3.5. Biochemical Assay

Biochemical parameters such as level of glucose, triglycerides, cholesterol, high density lipoprotein-cholesterol (HDL-C), low density lipoprotein-cholesterol (LDL-C), and total protein in sera were determined using Pars Azmoon diagnostic kits. For evaluation of liver function, activities of Alanine Aminotransferase (ALT), Aspartate Aminotransferase (AST), Alkaline Phosphatase (ALP) in sera were determined by Pars Azmoon diagnostic kits. To distinguish triglycerides accumulation in liver tissues, triglyceride concentration was quantified by a colorimetric assay after extraction by the method of Folch et al. (16). Tissues were homogenized in chloroform/methanol (2/1) to a final volume of 20 times the volume of the tissue sample (1 g in 20 mL of solvent mixture).


3.6. Liver Histological Analysis

The liver tissues of different groups were quickly removed at the end of treatment, cut into small pieces, soaked, and fixed in 10% aqueous formalin to paraffin embedment. Staining of paraffin sections with hematoxylin and eosin (H and E) was done for histological evaluation.


3.7. Statistical Analysis

Statistical analysis was performed with the SPSS software Version 16 (SPSS, Chicago, IL, USA) and Analysis of Variance (ANOVA) was used to compare means in different groups. A probability (P) value of less than 0.05 was considered signi´Čücant in all statistical analyses. All experiments were performed independently at least three times. Data are expressed as Means ± Standard Deviation (SD).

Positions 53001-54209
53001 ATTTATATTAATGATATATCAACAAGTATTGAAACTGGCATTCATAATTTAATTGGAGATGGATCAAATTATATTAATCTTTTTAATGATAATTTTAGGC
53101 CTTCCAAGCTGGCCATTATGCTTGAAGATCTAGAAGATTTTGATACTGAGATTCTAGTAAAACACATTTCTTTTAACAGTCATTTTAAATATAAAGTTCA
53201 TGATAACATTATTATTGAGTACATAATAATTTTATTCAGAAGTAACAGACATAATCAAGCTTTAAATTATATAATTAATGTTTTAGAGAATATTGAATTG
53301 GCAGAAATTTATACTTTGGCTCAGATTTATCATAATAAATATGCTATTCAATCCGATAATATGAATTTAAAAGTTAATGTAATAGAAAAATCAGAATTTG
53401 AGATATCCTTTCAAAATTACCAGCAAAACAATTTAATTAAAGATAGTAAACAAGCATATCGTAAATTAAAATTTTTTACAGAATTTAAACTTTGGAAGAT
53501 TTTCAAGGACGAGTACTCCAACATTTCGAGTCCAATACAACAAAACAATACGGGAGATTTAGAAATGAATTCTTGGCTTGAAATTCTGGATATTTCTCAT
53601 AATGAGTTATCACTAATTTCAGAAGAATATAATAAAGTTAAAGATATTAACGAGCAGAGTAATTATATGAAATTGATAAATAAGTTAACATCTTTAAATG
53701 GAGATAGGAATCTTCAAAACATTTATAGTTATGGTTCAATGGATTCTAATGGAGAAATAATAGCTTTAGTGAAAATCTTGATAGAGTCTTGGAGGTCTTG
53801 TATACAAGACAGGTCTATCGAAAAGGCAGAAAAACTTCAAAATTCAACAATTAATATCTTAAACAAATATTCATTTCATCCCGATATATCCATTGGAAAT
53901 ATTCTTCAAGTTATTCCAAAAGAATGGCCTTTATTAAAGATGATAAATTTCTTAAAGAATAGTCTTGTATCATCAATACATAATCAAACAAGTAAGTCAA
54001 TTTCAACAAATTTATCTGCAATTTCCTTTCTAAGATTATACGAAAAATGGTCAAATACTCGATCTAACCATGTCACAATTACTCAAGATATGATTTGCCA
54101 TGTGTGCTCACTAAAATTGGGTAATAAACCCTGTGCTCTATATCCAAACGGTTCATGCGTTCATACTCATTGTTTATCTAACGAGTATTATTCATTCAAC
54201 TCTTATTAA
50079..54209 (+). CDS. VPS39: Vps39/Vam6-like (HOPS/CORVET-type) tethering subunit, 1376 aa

4. Results

Table 1 shows the serum levels of glucose, protein, triglycerides, cholesterol, HDL-C and LDL-C in control and experimental groups of rats. The levels of glucose, triglycerides, cholesterol, and LDL-C did not change significantly, whereas protein and HDL-C concentration were significantly decreased (P < 0.05) in the TMX group compared with the control group. Oral administration of SME increased the protein level significantly (P < 0.05) and the HDL-C concentration non-significantly, in TMX+SME group compared with the TMX group. Liver function test results are shown in Table 2. The activity of ALT was elevated significantly (P < 0.05) in TMX-treated rats in comparison with the control group. Oral administration of SME in the TMX-SME group decreased this enzyme activity significantly (P < 0.05) close to normal levels. Activities of AST and ALP followed the same pattern, although they were not significant. Figure 1 depicts the level of triglycerides in the liver tissues of control and experimental animals. A significant increase (P < 0.05) in triglyceride level was observed in TMX-treated rats, which changed to normal values after treatment with SME in the TMX-SME group. Histological results confirmed biochemical data showed that SME can improve fatty liver-induced by TMX (Figure 2).

Table 1.
Biochemical Parameters in the Serum of Rats a, b

Table 2.
Liver Enzymes Activity in the Serum of Rats a, b

Figure 1.
Triglycerides Concentration in Liver Tissues

Figure 2.
Liver Histopathology (H & E, × 40)

5. Discussion